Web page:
Not only does the pain an endometriosis sufferer face change from individual to individual, but from what I have seen, but from one day to the next my partner may have a completely different symptom/pain. I have sat in with my partner on GP appointments, gynaecological appointments, and pelvic physio information sessions just to name a few. I have been in the emergence room with my partner and witnessed doctors say she just needs to toughen up with the pain. I have personally been accused of hitting my partner as she slept to cause unknown bruising on her abdomen. I have seen her pumped with pain killers to stop the pain and told to go home when it wasn’t even the pain that brought her to the hospital in the first place. I feel these daily changes in pain mentioned may be what can make it hard for the specialist to come with a diagnosis. Now I know that not everyone would want this, but my partner is very happy for me to sit in on her doctor appointments. From this I see my partner talk to her doctor about her symptoms, and yes she tells the doctor what pain she has currently or recently but I often notice her not mentioning pains or symptoms she has had over the past few months. I guess it is hard with pain as the current pain is always the worse pain. If the pain is no longer there why bother? Why bring it up? Because all you want to focus on is the pain that is present in a hope that you can get rid of that pain, not the ‘old’ pain.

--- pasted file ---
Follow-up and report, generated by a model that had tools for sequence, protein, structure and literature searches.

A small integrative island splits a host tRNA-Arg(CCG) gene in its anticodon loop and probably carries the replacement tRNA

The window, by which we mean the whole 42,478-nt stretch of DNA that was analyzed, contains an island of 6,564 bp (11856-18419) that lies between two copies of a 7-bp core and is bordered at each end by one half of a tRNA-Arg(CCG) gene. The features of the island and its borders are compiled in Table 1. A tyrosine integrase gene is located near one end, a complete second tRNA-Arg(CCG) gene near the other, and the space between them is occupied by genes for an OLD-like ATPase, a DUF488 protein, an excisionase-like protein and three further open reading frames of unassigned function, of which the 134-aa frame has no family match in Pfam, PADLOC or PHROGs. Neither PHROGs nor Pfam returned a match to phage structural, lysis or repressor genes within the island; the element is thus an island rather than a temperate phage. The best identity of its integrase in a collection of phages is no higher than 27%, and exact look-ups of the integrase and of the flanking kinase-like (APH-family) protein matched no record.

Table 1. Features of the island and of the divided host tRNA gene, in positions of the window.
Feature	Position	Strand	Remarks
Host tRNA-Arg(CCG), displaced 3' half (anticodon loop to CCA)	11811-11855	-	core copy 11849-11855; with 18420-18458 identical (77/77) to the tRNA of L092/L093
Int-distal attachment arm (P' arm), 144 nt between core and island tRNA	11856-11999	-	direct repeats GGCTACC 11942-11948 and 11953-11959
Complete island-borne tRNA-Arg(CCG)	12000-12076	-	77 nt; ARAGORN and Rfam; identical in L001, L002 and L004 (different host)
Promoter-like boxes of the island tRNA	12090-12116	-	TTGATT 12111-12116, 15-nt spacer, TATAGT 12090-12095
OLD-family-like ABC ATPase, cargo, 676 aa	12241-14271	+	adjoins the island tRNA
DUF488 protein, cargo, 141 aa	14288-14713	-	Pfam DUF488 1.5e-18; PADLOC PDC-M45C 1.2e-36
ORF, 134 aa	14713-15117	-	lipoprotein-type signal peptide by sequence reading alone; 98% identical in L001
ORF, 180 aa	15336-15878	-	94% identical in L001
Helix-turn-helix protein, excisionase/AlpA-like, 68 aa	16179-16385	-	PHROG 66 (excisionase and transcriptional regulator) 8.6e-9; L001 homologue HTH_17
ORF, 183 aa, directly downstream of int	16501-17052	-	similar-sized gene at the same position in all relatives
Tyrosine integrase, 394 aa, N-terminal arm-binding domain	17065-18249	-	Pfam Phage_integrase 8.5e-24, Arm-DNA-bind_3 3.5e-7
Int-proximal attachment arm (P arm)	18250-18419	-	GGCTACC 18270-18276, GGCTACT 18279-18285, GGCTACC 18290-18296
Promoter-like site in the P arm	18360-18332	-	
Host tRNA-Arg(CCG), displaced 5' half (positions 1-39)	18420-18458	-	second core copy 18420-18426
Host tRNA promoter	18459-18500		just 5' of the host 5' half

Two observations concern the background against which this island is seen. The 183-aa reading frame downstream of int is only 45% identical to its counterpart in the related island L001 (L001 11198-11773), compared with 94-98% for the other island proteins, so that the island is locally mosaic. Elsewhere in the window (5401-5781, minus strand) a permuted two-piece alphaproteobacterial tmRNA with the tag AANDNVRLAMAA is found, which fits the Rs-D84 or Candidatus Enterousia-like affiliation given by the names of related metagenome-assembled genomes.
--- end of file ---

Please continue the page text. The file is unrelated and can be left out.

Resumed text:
So back to this ‘understanding’ word. If you haven’t caught on I don’t feel that anyone who isn’t a sufferer can understand, partially as the women themselves are struggling to understand as well. So what does this mean I think the partners roll is in the relationship if they can’t understand? It’s to show that you are trying to understand, as for me and my partner this trying to understand has made it so much easier when my partner has the evil gremlin come and visit.
Kyle"s partner, Anika is QENDO's University Coordinator and part of our Endo Sister Program.
The materials available on or through the website qendo.org.au [‘QENDO’] are an information source only. Information provided by QENDO does not constitute medical advice and should not be relied upon to diagnose or treat any medical condition.To the maximum extent permitted by law, all contributors of QENDO make no statement, representation, or warranty about the quality, accuracy, context, completeness, availability or suitability for any purpose of, and you should not rely on, any materials available on or through the website qendo.org.au. QENDO disclaims, to the maximum extent permitted by law, all responsibility and all liability (including without limitation, liability in negligence) for all expenses, losses, damages and costs you or any other person might incur for any reason including as a result of the materials available on or through this website being in any way inaccurate, out of context, incomplete, unavailable, not up to date or unsuitable for any purpose.